Realtors® are members of the National Association of Realtors® (NAR), which means you have to adhere to the laws and regulations, including the ethical code and standards set by the association.
On the other hand, a person with a real estate license is an agent.
Realtors®arrange selling and renting of houses, land, office spaces, buildings, apartments, etc. for their clients. However, they also do many administrative works depending upon their skill set, client, and nature of the project.
Some of the common administrative tasks Realtors do are:
- Know the local and regional market activity
- Keep up with the real estate industry news
- Go through the activity report, research activities pending, and solid reviews and listings
- Work on real estate documents, agreements, and records, and submit them to proper real estate agencies. Also, file paperwork when and as needed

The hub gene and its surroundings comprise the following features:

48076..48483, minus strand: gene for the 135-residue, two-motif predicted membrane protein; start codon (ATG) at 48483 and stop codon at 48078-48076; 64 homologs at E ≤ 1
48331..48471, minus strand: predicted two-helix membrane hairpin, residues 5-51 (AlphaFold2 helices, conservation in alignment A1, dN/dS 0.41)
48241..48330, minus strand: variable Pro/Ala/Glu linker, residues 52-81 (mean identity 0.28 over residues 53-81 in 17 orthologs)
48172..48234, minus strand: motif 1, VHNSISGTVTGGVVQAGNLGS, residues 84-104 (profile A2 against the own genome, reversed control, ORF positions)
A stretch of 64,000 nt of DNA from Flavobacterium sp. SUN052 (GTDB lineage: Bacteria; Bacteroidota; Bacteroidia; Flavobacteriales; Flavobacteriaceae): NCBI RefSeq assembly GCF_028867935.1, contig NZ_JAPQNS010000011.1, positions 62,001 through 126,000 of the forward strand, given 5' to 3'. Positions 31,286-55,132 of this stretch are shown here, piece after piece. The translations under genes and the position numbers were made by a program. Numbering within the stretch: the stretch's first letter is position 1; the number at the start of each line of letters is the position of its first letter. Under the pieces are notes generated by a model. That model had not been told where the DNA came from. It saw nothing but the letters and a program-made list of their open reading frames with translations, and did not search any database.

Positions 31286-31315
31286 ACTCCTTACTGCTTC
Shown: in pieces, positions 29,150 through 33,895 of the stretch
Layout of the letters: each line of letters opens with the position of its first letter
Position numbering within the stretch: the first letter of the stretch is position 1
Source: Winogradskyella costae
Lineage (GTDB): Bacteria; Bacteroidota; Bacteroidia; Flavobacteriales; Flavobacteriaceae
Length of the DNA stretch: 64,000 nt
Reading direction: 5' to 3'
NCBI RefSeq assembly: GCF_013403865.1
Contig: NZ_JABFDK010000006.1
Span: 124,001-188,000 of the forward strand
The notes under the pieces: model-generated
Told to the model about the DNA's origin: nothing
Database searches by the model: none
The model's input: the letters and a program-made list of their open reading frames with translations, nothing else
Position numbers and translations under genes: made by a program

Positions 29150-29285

- Meet with clients, arrange for showing houses, and plan and coordinate appointments and open houses
- Coordinate and network with other realtors
- Create marketing plans for property listings, including fliers, newsletters, ads, and promotional collateral
- Respond to emails and phone calls, and network with clients
- Maintain company websites, social media profiles, and blogs
- Direct assistants or office staffs on day-to-day activity, while concentrating on core activities
As a realtor you will not be just selling homes, you will be in fact selling your skills. You must be the marketing person, the branding person, and the main advertiser of the property.
Advantages and Disadvantages of Being a Realtor®
Getting the career started off the ground
- Good: You can start this career in just a matter of months. You can complete the training (if required) and obtain a license in a very short period. However, the state’s regulation has to be considered.
- Bad: You have to invest a good amount of money, not to forget time and effort. Passing the licensing exam could be difficult if you are not well aware of the complex topics. Also, there is no guaranteed success in this business.